This is precisely the updating that the Body Snatchers story needed in the 00s. In the 1950s film, the aliens were a metaphor of anti-Communist paranoia. In Philip Kaufman’s 1970s update, they were the fear of technological bureaucratization. Then Abel Ferrara brilliantly turned them into the American militaristic complex, which was growing profusely in the 1990s.

In modern-day America, we have reached the apex of all these developments. The USA has become a melting pot of militancy, bureaucracy and paranoia that the three previous directors envisaged in their films.

But the agenda of the aliens, this time round, isn’t bad – they want to calm humanity down, creating a sedated socialism. Wars do not happen, everyone has enough to eat and all the public services run smoothly. The biggest problem of the alien society seems a creeping sense of boredom. Other than that, it is a much nicer world than Kidman’s world of ”emotional management” in the midst of uncontrollable, market-driven individualism.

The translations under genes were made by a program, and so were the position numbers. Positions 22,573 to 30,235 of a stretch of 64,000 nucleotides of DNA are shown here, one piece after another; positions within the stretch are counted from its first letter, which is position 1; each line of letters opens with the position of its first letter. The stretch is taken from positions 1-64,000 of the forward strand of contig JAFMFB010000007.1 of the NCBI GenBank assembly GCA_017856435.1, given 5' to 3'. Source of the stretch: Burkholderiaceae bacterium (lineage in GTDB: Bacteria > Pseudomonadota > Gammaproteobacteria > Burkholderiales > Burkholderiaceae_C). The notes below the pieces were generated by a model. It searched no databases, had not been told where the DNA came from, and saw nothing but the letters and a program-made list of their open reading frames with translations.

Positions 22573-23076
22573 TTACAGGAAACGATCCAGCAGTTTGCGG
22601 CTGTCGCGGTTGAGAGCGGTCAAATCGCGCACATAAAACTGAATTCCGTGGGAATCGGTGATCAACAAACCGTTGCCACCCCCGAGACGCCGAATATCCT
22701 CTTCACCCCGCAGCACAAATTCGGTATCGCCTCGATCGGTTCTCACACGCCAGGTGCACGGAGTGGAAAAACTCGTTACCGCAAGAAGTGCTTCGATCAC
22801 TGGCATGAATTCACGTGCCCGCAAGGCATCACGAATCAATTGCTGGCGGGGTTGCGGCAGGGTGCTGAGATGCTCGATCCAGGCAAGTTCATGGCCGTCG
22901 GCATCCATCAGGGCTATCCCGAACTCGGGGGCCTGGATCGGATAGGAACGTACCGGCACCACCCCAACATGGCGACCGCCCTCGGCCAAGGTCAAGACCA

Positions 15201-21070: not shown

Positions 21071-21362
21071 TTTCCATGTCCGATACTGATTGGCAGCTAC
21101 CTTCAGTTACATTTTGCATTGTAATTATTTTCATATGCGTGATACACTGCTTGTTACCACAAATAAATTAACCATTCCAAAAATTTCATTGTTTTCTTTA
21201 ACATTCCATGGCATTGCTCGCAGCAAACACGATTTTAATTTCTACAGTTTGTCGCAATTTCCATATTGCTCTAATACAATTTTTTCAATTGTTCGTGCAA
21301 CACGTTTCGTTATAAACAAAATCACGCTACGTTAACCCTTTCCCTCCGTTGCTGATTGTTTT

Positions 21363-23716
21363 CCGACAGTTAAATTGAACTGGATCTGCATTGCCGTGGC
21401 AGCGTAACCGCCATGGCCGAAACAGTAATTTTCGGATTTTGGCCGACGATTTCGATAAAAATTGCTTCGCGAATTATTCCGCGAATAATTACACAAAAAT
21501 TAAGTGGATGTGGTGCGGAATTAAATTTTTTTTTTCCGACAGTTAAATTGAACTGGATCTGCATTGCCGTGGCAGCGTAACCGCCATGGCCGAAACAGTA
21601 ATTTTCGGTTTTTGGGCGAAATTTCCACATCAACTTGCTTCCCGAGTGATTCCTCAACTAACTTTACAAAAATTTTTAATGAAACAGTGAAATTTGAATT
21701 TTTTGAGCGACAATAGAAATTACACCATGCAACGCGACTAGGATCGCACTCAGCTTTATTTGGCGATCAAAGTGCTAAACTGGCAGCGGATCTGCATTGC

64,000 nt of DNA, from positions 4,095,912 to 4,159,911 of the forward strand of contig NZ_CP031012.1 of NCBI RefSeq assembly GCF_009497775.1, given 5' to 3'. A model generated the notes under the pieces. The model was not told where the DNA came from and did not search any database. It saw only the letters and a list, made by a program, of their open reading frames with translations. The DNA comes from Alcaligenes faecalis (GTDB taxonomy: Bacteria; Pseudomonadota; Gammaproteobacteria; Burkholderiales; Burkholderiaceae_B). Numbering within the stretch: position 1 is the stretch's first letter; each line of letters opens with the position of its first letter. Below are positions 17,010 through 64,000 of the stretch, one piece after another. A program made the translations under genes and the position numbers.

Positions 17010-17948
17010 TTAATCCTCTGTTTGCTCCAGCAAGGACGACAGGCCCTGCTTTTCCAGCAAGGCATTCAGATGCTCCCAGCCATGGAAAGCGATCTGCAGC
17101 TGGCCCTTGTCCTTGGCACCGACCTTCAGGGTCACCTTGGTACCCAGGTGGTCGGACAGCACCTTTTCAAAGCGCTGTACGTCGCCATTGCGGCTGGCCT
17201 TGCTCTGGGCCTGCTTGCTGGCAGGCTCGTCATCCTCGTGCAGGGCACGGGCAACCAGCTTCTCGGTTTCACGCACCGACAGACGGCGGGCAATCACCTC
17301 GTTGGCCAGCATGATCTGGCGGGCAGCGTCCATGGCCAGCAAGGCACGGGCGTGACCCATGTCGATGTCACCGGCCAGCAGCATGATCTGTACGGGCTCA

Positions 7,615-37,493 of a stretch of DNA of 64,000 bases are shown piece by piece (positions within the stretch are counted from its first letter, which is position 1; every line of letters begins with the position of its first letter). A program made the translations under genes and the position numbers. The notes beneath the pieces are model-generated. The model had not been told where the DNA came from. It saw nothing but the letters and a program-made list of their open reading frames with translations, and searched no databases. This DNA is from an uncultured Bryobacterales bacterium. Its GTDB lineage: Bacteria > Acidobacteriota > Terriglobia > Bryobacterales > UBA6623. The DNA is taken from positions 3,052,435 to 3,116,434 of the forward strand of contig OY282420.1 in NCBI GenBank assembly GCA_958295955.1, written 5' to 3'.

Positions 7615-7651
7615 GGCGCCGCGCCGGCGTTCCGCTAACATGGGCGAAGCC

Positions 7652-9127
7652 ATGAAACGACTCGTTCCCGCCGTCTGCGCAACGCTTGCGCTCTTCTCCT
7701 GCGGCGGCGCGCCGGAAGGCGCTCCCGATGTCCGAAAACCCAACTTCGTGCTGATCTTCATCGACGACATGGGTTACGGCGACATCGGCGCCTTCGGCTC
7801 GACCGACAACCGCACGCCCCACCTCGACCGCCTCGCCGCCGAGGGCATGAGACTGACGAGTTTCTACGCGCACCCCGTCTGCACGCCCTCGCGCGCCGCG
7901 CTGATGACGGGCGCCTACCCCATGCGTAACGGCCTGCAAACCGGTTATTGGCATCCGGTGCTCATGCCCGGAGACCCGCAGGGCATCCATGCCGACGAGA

The picture above may lead you to believe that BLACK SWAN is one of those multiple personality disorder movies, with a psychoanalytical plot, great character acting and a positive message about the power of self-healing. These used to star ”quality American actors” like Joanne Woodward, or Sally Field. You’ll also be temped to classify the SWAN in the Moebius narrative genre (e.g. INLAND EMPIRE), where the multiple personality disorder refers to the multiplication of ”reality” itself. In the histrionic relationship between Nina the ballerina (Natalie Portman) and her possessive mother (Barbara Hershey), one hears echoes of gay camp classics e.g. MOMMY DEAREST and CARRIE. And the sordid competition games at the ballet house unmistakably point to the greatest classic of  ’em all, ALL ABOUT EVE.

BLACK SWAN is all of those things, and none of them, at the same time.